For more than 60 years, proponents of Artificial Intelligence have been divided—often acrimoniously—into two camps: Autonomy vs. Augmentation. Autonomy proponents…
I recently attended the 10th annual Augmented World Expo (AWE) at the Santa Clara Convention Center in Silicon Valley. With 7,000 attendees— up almost 25 percent from last year— over 350 speakers and 250 booth exhibits, it was by far the biggest event ever for the Immersive Technology community.
I am about halfway through Zucked: Waking Up to the Facebook Catastrophe by Roger McNamee. I am only halfway through because I am reading more slowly and carefully than I usually read. This is partly because almost every page causes me to stop and think about the deteriorating relationship between people and technology and the self-evident truth of this broadside against the most powerful company in history is painful for me to accept.
ItSeemstoMe is my personal blog and newsletter. It is for business decision makers and is about disruptive technologies. I mostly cover Immersive Technologies such as AR and non-gaming VR as well as AI-powered products such as autonomous cars, robots, chatbots, drones and wearable tech. I am always looking for a good story and if you have one, we should talk.
I met Exit VR co-founder Ilya Druzhnikov on an extremely rainy night at a tech event in Pacifica. We were two of only three people who showed up, so it gave us time to talk. I learned that he and Yoni Koenig, his business partner, had devised a rare business model that promises to be lucrative and sustainable.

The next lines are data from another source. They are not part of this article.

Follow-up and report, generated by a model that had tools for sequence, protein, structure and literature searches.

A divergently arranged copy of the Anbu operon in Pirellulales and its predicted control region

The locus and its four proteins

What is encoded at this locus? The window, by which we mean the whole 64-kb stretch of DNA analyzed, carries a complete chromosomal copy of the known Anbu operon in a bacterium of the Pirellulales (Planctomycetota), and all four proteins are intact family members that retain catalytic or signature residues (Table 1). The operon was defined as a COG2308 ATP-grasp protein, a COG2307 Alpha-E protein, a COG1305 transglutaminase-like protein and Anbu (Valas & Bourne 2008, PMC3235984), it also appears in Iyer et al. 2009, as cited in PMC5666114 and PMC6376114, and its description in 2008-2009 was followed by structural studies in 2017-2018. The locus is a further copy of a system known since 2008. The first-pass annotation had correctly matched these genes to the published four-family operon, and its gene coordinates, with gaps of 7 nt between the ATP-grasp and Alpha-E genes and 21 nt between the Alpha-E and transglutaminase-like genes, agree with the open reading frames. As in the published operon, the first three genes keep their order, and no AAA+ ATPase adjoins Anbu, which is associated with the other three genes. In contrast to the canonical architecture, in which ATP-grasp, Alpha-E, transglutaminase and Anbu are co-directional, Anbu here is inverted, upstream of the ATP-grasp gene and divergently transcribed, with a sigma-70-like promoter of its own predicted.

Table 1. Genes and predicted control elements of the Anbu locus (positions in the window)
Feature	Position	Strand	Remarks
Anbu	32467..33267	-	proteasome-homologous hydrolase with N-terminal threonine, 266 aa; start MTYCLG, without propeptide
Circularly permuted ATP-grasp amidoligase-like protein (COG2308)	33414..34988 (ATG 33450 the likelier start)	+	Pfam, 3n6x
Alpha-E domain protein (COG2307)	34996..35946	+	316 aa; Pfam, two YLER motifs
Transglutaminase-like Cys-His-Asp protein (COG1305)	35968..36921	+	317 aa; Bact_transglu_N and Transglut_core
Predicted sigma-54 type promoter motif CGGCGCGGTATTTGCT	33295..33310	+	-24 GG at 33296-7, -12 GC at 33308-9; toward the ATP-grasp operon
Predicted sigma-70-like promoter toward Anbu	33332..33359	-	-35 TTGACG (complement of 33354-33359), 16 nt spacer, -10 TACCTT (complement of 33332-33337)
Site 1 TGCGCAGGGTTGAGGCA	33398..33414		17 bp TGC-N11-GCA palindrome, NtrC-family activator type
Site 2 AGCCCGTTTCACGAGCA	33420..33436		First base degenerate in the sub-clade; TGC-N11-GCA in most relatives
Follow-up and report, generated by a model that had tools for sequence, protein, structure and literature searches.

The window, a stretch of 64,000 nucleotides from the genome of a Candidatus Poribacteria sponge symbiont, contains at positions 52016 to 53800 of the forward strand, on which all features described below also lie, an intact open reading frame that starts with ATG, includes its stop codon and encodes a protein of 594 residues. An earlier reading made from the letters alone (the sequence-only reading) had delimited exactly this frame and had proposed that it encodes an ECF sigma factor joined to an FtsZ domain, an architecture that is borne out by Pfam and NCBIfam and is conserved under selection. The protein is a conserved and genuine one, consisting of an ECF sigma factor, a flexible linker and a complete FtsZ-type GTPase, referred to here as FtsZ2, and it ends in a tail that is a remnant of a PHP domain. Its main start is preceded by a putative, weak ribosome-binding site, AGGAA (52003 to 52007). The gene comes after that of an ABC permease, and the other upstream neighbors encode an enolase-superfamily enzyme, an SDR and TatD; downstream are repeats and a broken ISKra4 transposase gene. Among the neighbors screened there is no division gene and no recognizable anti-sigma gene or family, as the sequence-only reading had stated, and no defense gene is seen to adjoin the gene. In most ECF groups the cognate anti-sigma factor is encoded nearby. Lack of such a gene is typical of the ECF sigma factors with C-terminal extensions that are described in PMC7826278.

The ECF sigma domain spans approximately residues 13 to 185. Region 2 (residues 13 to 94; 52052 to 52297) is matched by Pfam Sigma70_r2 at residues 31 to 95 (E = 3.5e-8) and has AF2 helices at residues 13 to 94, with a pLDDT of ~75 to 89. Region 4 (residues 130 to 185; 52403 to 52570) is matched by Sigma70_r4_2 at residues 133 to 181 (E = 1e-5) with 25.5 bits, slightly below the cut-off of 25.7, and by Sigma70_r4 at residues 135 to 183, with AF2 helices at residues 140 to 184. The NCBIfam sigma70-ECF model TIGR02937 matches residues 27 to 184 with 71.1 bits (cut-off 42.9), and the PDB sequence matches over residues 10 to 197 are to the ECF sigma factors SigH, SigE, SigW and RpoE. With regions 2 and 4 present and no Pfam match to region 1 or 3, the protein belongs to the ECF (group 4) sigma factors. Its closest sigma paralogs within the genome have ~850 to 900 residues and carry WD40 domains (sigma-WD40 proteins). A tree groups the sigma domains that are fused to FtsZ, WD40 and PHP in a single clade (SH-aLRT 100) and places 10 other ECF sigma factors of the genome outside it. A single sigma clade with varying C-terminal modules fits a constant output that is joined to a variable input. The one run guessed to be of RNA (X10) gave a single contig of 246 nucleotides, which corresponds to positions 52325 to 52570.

In 2016, at a time when both the tech and entertainment communities were going bonkers over the near-term promise of VR and AR, Ilya and Yoni decided to run a field test. They took a battered old van and converted it into a mobile VR lab. Equipped with state-of-the-industry VR gear, they would park it where people gathered in the many diverse neighborhoods of San Francisco. They would vary the price for viewing as well as the time per visit and the apps that were shown.Continue Reading →
Many years ago, when I first stepped away from employment to go my own way, I developed a mantra: Work hard.…
So much is being said about the dangers of AI. I share many concerns related to autonomous cars, massive unemployment…
Last week, I interviewed an AI startup named AISense whose single product, Otter Voice Notes, a cloud-based platform, seems to me to have as many uses as Word does. It records conversations of almost any length between multiple people with uncanny accuracy and speed.
Start with the billion-dollar transcription industry that serves medical procedures, legal testimony and depositions, then move into all forms of education and training, and there’s the foundation for a big business opportunity. Add to that all your business meetings and Zoom video conversations. Take all the time required to turn talk into text, correct the invariable typos and homonyms, delete “um’s” and so on. Eliminate the time and expense of turning spoken words into accurate text, and I think you will see how such technology can change your life.